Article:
Letter abstract

Nature Genetics 41, 446 - 449 (2009)
Published online: 15 March 2009 | doi:10.1038/ng.334

JAK2 haplotype is a major risk factor for the development of myeloproliferative neoplasms

Amy V Jones1,2, Andrew Chase1,2, Richard T Silver3, David Oscier4, Katerina Zoi5, Y Lynn Wang3, Holger Cario6, Heike L Pahl7, Andrew Collins2, Andreas Reiter8, Francis Grand1,2 & Nicholas C P Cross1,2


Chronic myeloproliferative neoplasms (MPNs) are a group of related conditions characterized by the overproduction of cells from one or more myeloid lineages. More than 95% of cases of polycythemia vera, and roughly half of essential thrombocythemia and primary myelofibrosis acquire a unique somatic 1849G>T JAK2 mutation (encoding V617F) that is believed to be a critical driver of excess proliferation1, 2, 3, 4. We report here that JAK2V617F-associated disease is strongly associated with a specific constitutional JAK2 haplotype, designated 46/1, in all three disease entities compared to healthy controls (polycythemia vera, n = 192, P = 2.9 times 10-16; essential thrombocythemia, n = 78, P = 8.2 times 10-9 and myelofibrosis, n = 41, P = 8.0 times 10-5). Furthermore, JAK2V617F specifically arises on the 46/1 allele in most cases. The 46/1 JAK2 haplotype thus predisposes to the development of JAK2V617F-associated MPNs (OR = 3.7; 95% CI = 3.1–4.3) and provides a model whereby a constitutional genetic factor is associated with an increased risk of acquiring a specific somatic mutation.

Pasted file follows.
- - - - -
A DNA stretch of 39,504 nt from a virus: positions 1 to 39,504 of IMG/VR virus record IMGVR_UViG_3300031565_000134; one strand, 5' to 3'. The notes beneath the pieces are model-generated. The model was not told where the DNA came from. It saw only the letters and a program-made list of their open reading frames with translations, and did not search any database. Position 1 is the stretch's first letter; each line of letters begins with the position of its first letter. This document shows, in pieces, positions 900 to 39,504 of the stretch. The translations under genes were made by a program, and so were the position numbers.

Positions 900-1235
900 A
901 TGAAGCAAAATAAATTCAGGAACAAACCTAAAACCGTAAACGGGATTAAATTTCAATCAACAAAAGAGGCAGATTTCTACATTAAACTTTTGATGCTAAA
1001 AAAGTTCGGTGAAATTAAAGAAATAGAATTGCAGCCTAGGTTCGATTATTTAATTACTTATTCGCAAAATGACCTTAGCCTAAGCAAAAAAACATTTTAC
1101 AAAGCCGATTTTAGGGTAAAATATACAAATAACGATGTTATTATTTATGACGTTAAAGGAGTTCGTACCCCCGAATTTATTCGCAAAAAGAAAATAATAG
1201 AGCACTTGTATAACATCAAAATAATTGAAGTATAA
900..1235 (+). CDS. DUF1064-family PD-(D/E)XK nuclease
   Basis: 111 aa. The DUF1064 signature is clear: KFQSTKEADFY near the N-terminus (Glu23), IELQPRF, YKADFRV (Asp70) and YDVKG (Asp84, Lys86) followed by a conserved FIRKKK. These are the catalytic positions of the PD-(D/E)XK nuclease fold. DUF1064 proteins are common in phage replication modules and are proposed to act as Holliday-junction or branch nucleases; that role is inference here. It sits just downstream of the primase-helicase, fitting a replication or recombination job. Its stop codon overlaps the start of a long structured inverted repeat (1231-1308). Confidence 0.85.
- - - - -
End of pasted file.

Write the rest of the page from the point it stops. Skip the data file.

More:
1. Wessex Regional Genetics Laboratory, Salisbury, UK.
  2. Human Genetics Division, University of Southampton, UK.
  3. Weill Medical College of Cornell University, New York, New York, USA.
  4. Department of Haematology, Royal Bournemouth Hospital, Bournemouth, UK.
  5. Haematology Research Laboratory, Biomedical Research Foundation, Academy of Athens, Athens, Greece.
  6. Department of Pediatrics and Adolescent Medicine, University Hospital Ulm, Ulm, Germany.
  7. Department of Experimental Anaesthesiology, University Hospital Freiburg, Freiburg, Germany.
  8. III Medizinische Universitätsklinik, Fakultät für Klinische Medizin Mannheim der Universität Heidelberg, Germany.

Correspondence to: Nicholas C P Cross1,2 e-mail: ncpc@soton.ac.uk